2015–16 Artist Series
Friday, October 2, 2015 • 8 p.m.
Grammy®-winning Eighth Blackbird promises—and delivers—provocative and mind-changing performances to its burgeoning audiences. The group combines the finesse of a string quartet, the energy of a rock band and the audacity of a storefront theater company. The Chicago-based sextet is both strikingly virtuosic and disarmingly irreverent, as they devote themselves to inspiring and performing today’s master classical composers and debunking the myth that contemporary music is only for a cerebral few. The ensemble holds residence positions at the Curtis Institute of Music, University of Richmond and University of Chicago. A decade-long relationship with Chicago’s Cedille Records has produced six acclaimed recordings. The ensemble has won three Grammy® Awards, for the recordings strange imaginary animals, Lonely Motel: Music from Slide and Meanwhile.
This event is also part of the 2015–16 New Music at Lawrence series.
“The blackbirds are examples of a new breed of super-musicians.”
—Los Angeles Times
Rachel Barton Pine, violinist with Matthew Hagle, piano
Saturday, February 6, 2016 • 8 p.m.
Celebrated as a leading interpreter of great classical works, Rachel Barton Pine’s performances combine her gift for emotional communication and her scholarly fascination with historical research. Audiences are thrilled by her dazzling technique, lustrous tone and infectious joy in music-making. Pine has appeared as soloist with many of the world’s most prestigious ensembles, including the Chicago Symphony, the Philadelphia Orchestra, the Royal Philharmonic and the Netherlands Radio Kamer Filharmonie. She has worked with such renowned conductors as Charles Dutoit, Zubin Mehta, Erich Leinsdorf, Neeme Järvi and Marin Alsop.
She has recorded 25 albums, and her most recent CD, Violin Lullabies, recorded with pianist Matthew Hagle, debuted at number one on the Billboard classical chart. While she regularly plays baroque, renaissance and medieval music, Rachel Barton Pine also performs rock and heavy metal music with her band, Earthen Grave. She has jammed with the likes of Slash, of Guns N’ Roses, and other rock and metal stars.
“An exciting, boundary-defying performer—Pine displays a power and confidence that puts her in the top echelon.”
—The Washington Post
Jeremy Denk, pianist
Friday, April 8, 2016 • 8 p.m.
American pianist Jeremy Denk has steadily built a reputation as an unusual and compelling artist, with a broad and thought-provoking repertoire. He has appeared as soloist with many major orchestras, including the Los Angeles Philharmonic, the Philadelphia Orchestra and the symphony orchestras of Boston, Chicago, San Francisco and London. He regularly gives recitals in New York, Washington, Boston, Philadelphia, and around the United States. He was the winner of the 2013 MacArthur “Genius” Fellowship, the 2014 Avery Fisher Prize and Musical America’s 2014 Instrumentalist of the Year award.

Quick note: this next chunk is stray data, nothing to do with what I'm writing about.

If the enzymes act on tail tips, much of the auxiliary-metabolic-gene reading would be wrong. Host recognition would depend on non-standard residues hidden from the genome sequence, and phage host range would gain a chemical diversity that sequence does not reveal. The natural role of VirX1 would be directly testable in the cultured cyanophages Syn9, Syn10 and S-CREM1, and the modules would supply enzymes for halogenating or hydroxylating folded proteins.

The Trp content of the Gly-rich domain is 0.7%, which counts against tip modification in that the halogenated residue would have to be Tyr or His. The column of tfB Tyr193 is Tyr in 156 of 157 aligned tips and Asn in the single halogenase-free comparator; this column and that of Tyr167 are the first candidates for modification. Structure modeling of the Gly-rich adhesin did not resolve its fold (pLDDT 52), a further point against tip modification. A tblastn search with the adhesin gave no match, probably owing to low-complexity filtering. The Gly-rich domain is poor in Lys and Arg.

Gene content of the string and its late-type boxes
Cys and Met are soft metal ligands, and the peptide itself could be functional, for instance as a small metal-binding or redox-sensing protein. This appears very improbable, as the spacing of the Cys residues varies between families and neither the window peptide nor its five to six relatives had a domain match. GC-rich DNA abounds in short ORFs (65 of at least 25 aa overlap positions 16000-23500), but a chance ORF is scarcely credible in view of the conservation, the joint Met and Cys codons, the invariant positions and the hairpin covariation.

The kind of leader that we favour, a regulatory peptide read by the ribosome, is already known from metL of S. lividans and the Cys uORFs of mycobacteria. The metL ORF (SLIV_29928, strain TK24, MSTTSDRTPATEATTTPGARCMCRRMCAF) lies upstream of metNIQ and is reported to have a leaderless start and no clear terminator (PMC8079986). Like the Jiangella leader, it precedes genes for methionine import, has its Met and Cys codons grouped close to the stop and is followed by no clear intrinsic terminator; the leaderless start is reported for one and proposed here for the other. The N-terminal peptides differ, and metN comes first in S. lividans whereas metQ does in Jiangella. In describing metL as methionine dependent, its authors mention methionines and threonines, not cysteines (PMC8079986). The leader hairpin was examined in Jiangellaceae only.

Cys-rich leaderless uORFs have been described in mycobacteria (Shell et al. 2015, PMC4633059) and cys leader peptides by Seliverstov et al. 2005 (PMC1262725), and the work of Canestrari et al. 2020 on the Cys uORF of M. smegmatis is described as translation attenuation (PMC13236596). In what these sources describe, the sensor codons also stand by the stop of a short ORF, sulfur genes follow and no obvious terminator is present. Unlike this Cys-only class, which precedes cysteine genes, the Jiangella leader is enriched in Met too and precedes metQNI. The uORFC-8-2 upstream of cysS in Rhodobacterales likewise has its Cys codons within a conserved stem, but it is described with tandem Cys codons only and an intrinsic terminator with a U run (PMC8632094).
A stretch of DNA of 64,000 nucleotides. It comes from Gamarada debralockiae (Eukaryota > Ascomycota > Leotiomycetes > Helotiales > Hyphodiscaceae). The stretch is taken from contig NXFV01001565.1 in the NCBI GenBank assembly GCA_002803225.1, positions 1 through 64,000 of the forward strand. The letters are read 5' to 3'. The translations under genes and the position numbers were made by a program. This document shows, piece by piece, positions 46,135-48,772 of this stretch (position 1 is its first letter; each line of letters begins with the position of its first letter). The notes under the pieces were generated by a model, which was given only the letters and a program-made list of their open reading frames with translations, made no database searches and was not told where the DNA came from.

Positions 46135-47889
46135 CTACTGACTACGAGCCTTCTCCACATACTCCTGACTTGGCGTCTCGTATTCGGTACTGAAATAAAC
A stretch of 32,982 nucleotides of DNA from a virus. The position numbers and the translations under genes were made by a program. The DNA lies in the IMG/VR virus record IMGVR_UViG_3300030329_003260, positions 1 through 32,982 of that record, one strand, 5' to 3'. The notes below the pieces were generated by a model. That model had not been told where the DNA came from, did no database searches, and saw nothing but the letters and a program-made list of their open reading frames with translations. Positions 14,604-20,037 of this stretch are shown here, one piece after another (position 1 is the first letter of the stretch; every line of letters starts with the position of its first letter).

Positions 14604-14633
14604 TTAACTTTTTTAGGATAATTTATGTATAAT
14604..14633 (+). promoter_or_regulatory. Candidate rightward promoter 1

“Mr. Denk, clearly, is a pianist you want to hear no matter what he performs, in whatever combination—both for his penetrating intellectual engagement with the music and for the generosity of his playing.“
—The New York Times
Lawrence Brownlee, tenor
Saturday, April 16, 2016 • 8 p.m.
The most in-demand American tenor in the world in the bel canto repertoire, Lawrence Brownlee continues to stupefy audiences with the power and agility of his instrument. From firmly American roots, Brownlee has become a star on the international scene, performing opposite the leading ladies of contemporary opera, and has been lauded continually for the seemingly effortless beauty of his voice. Mr. Brownlee has been featured in nearly every major theater in the world and enjoys a relationship with many prominent conductors and symphony orchestras. Operatic highlights of Mr. Brownlee’s career include: La Cenerentola in Milan, Houston, Philadelphia and the Metropolitan Opera; L’italiana in Algeri in Milan, Dresden, Boston, Houston and Seattle; Tonio in Daughter of the Regiment with Pittsburgh Opera; and the title role in the world premiere of Daniel Schnyder’s Charlie Parker’s Yardbird, a work written specifically for him.
“He sang with agility, elegance and Rossinian style, tossing off high notes and roulades … this was a winning performance for an increasingly important artist.”
—The New York Times
This performance is part of the Ben Holt Memorial Concert Series.
The Ben Holt Memorial Concert Series was established in 1992 by Dr. Dominique-René de Lerma, professor emeritus of music at the Lawrence Conservatory. Metropolitan Opera baritone Ben Holt died at the age of 34 from cancer. By the time of his death, he had accumulated numerous accolades as a performer of extraordinary artistry, further distinguished by his intense social concerns. The concert series established in his name provides performance opportunities on invitation to outstanding young professional minority artists who have promise of international careers.